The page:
Handbook of Fermented Functional Foods
Edward R.(Ted) Farnworth
Taylor & Francis, May 28, 2008 - Technology & Engineering - 600 pages
For centuries, people around the world have used fermentation to preserve and enhance the flavor of a wide variety of foods. Today, complex interactions of microbiota in the digestive tract are found to influence proper digestion, metabolism, and disease resistance. With greater emphasis on natural products and the role of food in health and wellbeing, food manufacturers are once again turning to fermentation not just for extending shelf life, but to create functional food products that take an active part in maintaining overall health.
Featuring five new chapters and updating all data to reflect the latest research findings, Handbook of Fermented Functional Foods, Second Edition examines the health benefits of fermented foods as well as the processes and production techniques involved in manufacturing fermented food products. Maintaining the highest quality information and the easily accessible format of its predecessor, this edition includes new chapters on olives, tempeh, and the traditional fermented foods of China, Thailand, and India. It looks at the history of fermented foods and reveals the specific benefits of fermented milk, Kefir, yogurt, and cheese. Contributions cover fermented soy products, including Natto and Miso, as well as the fermentation of other vegetables such as Korean Kimchi and Doenjang and German sauerkraut. The book also explains the bioactivity and bioavailability of microorganisms and investigates the more recent practice of producing probiotic cultures to add to fermented foods for increased health benefit.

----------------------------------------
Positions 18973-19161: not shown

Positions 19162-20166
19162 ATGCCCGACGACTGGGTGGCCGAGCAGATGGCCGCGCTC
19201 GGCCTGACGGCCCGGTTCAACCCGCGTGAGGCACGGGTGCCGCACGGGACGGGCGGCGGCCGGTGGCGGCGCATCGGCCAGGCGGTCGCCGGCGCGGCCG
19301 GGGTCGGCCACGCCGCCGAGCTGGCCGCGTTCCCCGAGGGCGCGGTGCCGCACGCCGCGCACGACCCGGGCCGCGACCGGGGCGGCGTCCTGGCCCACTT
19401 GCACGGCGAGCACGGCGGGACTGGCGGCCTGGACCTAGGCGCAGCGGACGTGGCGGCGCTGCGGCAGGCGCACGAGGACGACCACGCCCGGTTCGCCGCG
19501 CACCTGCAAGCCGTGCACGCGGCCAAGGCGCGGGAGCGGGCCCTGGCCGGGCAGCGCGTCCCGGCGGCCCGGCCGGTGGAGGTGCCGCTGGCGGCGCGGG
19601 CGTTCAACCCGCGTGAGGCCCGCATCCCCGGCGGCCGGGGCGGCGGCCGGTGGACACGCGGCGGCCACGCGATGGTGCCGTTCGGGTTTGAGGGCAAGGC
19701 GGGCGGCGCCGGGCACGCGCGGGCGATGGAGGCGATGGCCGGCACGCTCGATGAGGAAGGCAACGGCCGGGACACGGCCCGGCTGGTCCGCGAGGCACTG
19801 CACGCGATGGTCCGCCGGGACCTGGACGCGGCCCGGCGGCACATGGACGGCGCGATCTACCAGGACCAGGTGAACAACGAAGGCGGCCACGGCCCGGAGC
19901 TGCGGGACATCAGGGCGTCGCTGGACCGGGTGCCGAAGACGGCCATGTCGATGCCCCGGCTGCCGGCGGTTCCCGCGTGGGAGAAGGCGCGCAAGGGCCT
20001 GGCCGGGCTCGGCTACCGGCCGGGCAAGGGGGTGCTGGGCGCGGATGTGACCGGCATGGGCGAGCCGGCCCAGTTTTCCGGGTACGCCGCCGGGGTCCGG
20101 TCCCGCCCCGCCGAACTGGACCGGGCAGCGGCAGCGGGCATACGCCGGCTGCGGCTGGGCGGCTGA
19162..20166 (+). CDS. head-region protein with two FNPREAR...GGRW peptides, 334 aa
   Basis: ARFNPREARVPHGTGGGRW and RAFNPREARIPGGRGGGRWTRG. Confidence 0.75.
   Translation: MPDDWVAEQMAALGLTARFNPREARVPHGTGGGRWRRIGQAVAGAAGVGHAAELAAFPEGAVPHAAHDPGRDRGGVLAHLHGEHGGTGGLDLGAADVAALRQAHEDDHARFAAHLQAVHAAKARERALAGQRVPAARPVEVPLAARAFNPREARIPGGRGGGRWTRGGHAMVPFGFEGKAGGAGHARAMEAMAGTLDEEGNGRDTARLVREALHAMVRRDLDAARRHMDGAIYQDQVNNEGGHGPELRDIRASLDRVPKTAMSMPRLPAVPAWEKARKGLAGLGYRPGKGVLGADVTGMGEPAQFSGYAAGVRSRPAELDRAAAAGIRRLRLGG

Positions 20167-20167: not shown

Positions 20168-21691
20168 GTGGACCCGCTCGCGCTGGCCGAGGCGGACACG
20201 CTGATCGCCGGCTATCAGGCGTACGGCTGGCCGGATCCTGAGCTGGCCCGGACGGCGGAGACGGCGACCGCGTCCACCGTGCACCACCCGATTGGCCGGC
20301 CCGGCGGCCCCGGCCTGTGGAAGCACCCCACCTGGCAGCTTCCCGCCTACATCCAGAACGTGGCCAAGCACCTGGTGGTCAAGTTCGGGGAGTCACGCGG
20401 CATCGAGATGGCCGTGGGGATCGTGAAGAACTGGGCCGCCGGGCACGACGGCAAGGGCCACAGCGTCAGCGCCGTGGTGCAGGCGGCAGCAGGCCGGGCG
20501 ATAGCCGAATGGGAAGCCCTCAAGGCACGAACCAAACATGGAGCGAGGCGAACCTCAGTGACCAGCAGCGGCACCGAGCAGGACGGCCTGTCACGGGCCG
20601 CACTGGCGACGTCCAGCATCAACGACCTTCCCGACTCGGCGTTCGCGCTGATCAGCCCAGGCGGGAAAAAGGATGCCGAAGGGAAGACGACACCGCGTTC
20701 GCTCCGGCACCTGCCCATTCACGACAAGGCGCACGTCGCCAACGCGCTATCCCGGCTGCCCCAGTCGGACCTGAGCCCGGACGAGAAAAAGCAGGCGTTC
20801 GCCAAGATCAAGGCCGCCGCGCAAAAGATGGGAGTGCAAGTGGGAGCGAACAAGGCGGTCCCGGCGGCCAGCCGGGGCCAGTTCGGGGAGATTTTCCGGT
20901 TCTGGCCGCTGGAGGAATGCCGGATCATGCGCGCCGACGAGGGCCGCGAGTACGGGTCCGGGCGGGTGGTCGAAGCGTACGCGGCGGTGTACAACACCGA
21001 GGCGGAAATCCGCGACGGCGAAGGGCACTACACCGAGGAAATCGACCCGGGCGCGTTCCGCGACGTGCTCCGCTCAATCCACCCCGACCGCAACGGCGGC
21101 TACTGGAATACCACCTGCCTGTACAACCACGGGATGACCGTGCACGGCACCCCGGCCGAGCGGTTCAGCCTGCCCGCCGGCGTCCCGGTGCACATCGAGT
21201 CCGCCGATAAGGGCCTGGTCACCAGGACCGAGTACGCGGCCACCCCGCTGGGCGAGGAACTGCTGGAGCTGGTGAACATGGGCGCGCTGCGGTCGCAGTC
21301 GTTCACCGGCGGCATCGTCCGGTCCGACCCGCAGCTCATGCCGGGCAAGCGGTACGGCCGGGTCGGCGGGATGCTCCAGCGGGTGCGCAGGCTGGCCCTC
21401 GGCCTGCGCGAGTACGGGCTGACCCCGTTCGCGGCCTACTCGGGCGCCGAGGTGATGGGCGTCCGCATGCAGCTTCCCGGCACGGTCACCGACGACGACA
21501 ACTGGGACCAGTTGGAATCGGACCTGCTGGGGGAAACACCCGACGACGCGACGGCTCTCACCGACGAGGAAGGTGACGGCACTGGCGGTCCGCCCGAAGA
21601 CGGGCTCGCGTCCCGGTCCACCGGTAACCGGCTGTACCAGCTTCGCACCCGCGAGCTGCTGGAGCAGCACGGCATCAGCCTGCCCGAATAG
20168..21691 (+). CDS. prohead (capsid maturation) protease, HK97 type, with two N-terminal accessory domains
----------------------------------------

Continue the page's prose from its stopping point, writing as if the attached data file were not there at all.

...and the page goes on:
Presenting new findings and interpretations that point even more clearly to the important role fermented foods play in our diet and overall health, this second edition demonstrates the current knowledge of fermented food production and reflects the growing credibility of probiotics in health maintenance.
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Chapter 3 The Properties of Enterococcus faecium and the Femented Milk ProductGaio
The Health Benefits of Fermented Milk Products That Contain Lactic Acid Bacteria
Chapter 6 Health Properties of Milk Fermented with Lactobacillus casei strain Shirota LcS
A Soybean Food Made by Fermenting Cooked Soybeans with Bacillus subtilis natto
Chapter 10 Fermented Meat
Chapter 14 Sauerkraut
Chapter 15 New Trends of Table Olive Processing for Quality Control and Functional Proprieties
Chapter 16 Traditional Chinese Fermented Foods
A MoldModified Indigenous Fermented Food
Microorganisms and Their Health Benefits
Chapter 19 Production of Probiotic Cultures and Their Addition in Fermented Foods
Chapter 20 The Future for Fermented Foods
Production Properties and Benetifs to Health
Kimchi and Doenjang
The Role in Foods and in Human Health
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acidophilus activity amino acids antioxidant Appl Bacillus bifidobacteria Biochem Biotechnol brine bulgaricus cancer cells cheese cholesterol Clin colon concentration consumed consumption containing cytokine Dairy Sci decreased diet dietary disease doenjang douchi drying effect enhanced enzymes faecium fecal fermentation process fermented foods fermented milk products flavor flora Food Microbiol Food Sci functional foods furu gastrointestinal growth helveticus human immune response immune system Immunol increased infection inhibit inhibitory inoculated intake intestinal isoflavones isolated kefir grains kimchi lactic acid bacteria lactic acid fermentation Lactobacillus casei Lactobacillus plantarum levels lipid meat metabolism mice microbial microflora microorganisms milk fermented miso natto Nutr nutritional oral peptides plantarum 299v probiotic probiotic bacteria proteins rats rice ripening salt sauce sauerkraut sausage serum significantly soybeans species starter cultures storage strains subtilis natto survival table olives Technol tempeh temperature thermophilus tion tumor viability vinegar vitamin vitro yeasts yogurt